Lord of Mann

For the head of state pre-1504, see King of Mann.
Lord of Mann

Elizabeth II
Style Her Majesty
Heir apparent Charles, Prince of Wales
First monarch George III
Formation 1504
This article is part of a series on the
politics and government of
the Isle of Man

The title Lord of Mann (Manx: Çhiarn Vannin) is used on the Isle of Man to refer to the island's Lord Proprietor[1][2] and head of state. The current holder of the title is Queen Elizabeth II.

Relationship with the Crown

The title is not correctly used on its own. Since 1399, the Kings and Lords of Mann existed in a position of feudality as vassals of the reigning King of England, and subsequently of Great Britain and the United Kingdom, who was the ultimate sovereign of the island. This right of 'Lord Proprietor' was revested into the Crown by the Isle of Man Purchase Act 1765 and hence ceased to exist separately. King George III became the first British monarch to rule the Isle of Man as 'Lord of Mann' in 1765.[3] However, for reasons of culture and tradition, the title Lord of Mann continues to be used. For these reasons, the correct formal usage, as used on the Isle of Man for the Loyal Toast, is The Queen, Lord of Mann.

The title is now Lord of Mann regardless of gender. However, during her reign, Queen Victoria was styled as Lady of Mann.[4]

The formal Latin style is Dominus Manniae.

List of Lords

Prior to 1504, the ruler of the Isle of Man was generally styled King of Mann.[5]

16th century

Succession dispute (1594–1607)

In 1598, a succession dispute between the daughters of Ferdinando and their uncle, William, Earl of Derby was heard. It was decided by the Privy Council that the right to the Isle of Man belonged solely to Queen Elizabeth I, and the letters-patent of 1405 which have conferred the Isle of Man to the Stanley family were declared null and void as the previous ruler, Henry, Earl of Northumberland, had not been subject to legal attainder, despite his treason, and the 1405 and 1406 letters-patent had therefore not taken effect.[6][7]

The Queen, in consideration of the "many eminent services performed to herself and to her royal predecessors by the honourable and noble House of Stanley", withdrew her right and referred the contending claimants to the decision of the Privy Council as to the best claim of inheritance.

The Law Lords on the Privy Council decided "the grant being by letters patent under the Great Seal of England, such right would descend according to the Common Law of England to the heirs general, and not to the heirs male", and the island was therefore awarded to Ferdinando's daughters; whereupon William agreed to purchase their several shares and interests.[8]

The original letters-patent having been declared void, the Parliament of England in 1609 under James I passed a Private Act of Parliament entitled "An Act for assuring and establishing the Isle of Man in the name and blood of William, Earl of Derby" [(1609) 7 Jac.1 c.4][9] which established the title in law as Lord of Mann. The lordship was conferred by letters-patent dated 7 July 1609 upon William Stanley, 6th Earl of Derby.[10] Subsequent succession was under the terms of this grant.[11]

Interim Lords (1607–1609)

Following the resolution of the succession dispute, it was ruled that the daughters of Ferdinando Stanley were the rightful heirs. As the oldest of them would not reach the age of majority until 1609, two temporary Lords of Mann were appointed by James I, using letters patent,[12] so that the daughters could benefit from the Island's revenues.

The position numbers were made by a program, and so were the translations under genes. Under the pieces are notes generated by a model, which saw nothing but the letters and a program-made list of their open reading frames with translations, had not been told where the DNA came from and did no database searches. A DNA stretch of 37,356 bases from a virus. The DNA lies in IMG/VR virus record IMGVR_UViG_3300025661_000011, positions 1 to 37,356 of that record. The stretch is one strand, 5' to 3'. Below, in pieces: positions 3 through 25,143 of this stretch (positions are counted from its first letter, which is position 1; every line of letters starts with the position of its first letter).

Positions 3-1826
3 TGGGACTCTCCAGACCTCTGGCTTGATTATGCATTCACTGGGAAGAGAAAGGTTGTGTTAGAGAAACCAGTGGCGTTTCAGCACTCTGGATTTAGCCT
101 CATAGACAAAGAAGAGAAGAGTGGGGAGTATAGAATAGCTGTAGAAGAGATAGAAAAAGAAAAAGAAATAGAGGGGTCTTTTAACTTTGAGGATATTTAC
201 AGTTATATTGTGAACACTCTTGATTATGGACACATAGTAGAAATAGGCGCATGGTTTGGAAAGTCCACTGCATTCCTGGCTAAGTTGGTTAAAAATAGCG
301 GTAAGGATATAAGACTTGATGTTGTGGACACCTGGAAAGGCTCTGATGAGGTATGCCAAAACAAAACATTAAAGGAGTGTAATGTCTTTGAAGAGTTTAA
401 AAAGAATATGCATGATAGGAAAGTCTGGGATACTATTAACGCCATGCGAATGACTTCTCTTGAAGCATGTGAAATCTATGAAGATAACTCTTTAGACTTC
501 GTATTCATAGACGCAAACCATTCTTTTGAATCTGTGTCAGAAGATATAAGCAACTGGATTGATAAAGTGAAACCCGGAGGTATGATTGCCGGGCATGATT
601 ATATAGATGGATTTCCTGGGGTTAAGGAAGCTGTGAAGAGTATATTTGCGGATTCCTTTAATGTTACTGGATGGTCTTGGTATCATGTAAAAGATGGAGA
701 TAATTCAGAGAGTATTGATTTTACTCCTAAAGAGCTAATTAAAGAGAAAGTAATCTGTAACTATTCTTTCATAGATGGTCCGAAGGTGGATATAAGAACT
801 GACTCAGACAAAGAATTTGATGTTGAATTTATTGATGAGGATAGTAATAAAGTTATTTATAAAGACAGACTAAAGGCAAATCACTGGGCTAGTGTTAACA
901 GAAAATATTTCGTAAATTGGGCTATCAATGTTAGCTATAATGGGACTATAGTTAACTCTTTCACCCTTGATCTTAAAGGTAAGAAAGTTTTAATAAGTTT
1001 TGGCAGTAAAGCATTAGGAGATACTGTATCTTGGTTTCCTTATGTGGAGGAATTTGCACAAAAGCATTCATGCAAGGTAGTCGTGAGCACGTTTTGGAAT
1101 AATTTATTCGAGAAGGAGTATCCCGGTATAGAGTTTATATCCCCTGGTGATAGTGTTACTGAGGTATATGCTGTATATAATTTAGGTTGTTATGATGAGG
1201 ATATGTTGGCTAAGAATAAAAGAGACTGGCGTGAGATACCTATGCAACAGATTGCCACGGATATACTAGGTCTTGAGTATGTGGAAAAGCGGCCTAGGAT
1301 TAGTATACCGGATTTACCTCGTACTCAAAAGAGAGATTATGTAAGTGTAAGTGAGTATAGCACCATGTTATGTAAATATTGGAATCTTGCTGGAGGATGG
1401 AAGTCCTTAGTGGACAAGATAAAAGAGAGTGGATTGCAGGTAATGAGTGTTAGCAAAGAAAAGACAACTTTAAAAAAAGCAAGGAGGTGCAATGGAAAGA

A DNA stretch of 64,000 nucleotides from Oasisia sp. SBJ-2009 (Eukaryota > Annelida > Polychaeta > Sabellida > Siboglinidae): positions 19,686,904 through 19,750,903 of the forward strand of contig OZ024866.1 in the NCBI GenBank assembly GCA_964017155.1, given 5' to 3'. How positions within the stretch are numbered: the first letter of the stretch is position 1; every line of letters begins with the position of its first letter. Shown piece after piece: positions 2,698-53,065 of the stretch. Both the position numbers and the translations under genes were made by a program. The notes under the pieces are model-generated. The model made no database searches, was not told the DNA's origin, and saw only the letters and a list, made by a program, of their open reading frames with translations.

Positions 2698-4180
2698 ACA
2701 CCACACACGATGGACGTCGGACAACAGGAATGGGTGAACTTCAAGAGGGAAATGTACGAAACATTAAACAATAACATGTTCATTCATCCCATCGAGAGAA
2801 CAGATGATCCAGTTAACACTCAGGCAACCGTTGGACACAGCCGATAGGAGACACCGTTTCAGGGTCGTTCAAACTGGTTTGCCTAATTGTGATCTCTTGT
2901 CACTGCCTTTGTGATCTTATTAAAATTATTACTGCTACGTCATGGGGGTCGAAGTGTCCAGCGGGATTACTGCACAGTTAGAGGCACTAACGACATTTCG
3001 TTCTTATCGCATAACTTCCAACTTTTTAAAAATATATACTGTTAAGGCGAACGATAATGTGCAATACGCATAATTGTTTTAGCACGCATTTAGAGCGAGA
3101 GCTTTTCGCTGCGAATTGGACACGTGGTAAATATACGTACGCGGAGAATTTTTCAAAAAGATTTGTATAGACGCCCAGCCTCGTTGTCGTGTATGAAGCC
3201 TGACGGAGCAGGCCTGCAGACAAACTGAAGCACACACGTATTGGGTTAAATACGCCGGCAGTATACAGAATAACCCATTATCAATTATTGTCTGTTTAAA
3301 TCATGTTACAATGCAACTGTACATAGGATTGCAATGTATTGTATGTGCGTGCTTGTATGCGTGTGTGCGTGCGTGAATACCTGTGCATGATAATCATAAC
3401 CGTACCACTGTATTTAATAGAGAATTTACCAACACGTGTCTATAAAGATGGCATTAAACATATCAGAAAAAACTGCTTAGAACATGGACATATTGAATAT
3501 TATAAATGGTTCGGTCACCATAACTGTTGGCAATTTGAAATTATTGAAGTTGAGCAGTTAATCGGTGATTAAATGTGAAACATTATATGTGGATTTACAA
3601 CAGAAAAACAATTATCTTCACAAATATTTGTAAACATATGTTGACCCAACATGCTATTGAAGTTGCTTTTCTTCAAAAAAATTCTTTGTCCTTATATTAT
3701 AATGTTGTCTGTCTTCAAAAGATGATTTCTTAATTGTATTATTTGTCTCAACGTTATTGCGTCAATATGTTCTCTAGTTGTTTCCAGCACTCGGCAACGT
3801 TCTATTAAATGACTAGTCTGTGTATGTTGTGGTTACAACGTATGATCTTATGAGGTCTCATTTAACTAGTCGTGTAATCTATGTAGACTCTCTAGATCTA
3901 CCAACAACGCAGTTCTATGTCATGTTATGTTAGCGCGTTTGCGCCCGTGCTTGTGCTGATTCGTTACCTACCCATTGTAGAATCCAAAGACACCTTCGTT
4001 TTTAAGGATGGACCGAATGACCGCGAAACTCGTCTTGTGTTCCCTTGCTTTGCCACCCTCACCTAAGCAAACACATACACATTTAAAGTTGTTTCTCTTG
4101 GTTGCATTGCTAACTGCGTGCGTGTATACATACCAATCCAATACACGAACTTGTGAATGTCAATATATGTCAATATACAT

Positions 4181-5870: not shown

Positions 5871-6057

Following the coming of age of the heirs to the Lordship of the Isle of Man, the rights over the island were sold to their uncle, William Stanley. He took up the title of Lord of Mann following the passing of an Act of Parliament.[13]

17th & 18th centuries


In 1765, Charlotte Murray, Duchess of Atholl, 8th Baroness Strange, sold the suzerainty of the island to the British government for £70,000 and an annuity of £2,000 (£5,235,000 and £150,000 respectively in modern terms). By the passage of the Isle of Man Purchase Act 1765 the title of Lord of Mann was revested into the British Crown. It has therefore since been used on the Isle of Man to refer to the reigning Monarch of the United Kingdom.

All remaining rights and property of the Dukes of Atholl on the island were sold to the British government in 1828 for the sum of £417,144 (over £20,000,000 in modern terms).[14][15] This was accomplished by two Private Acts of Parliament:

See also


  1. Archived December 3, 2008, at the Wayback Machine.
  2. "A new electorate for the Isle of Man". BBC News. 19 November 2006. Retrieved 11 May 2010.
  3. "The official website of The British Monarchy". Royal.gov.uk. Archived from the original on October 29, 2013. Retrieved 2013-10-27.
  4. "Contents - From King Orry to Queen Victoria, 1899". Isle-of-man.com. Retrieved 2013-10-27.
  5. Archived May 30, 2007, at the Wayback Machine.
  6. Callow, Edward (2007), From King Orry to Queen Victoria: A Short and Concise History of the Isle of Man, Gardners Books, ISBN 1-4326-8295-4
  7. "Note 20 - ManxSoc Vol 12 Parr's Abstracts". Isle-of-man.com. Retrieved 2013-10-27.
  8. "William, Sixth Earl of Derby". Isle-of-man.com. Retrieved 2013-10-27.
  9. Mills, M A (1821), Ancient Ordinances and Statute Laws of the Isle of Man, Douglas, pp. 522–527
  10. Mills, op. cit, pp.514–522
  11. Manx Independent: 30 November 2007. 29 November 2007. iomtoday.co.im. Retrieved on 22 December 2007
  12. "pp88 - Manx Soc vol 9 'Monumenta de Insula Manniae - Vol 3'". Isle-of-man.com. Retrieved 2013-10-27.
  13. An Act for assuring and establishing the Isle of Man in the name and blood of William, Earl of Derby, 1909, Private Act c.4
  14. "Currency converter". The National Archives. Retrieved 2012-07-06.
  15. "History Pages Isle of Man -Act of Revestment". Isle-of-man.com. Retrieved 2013-10-27.
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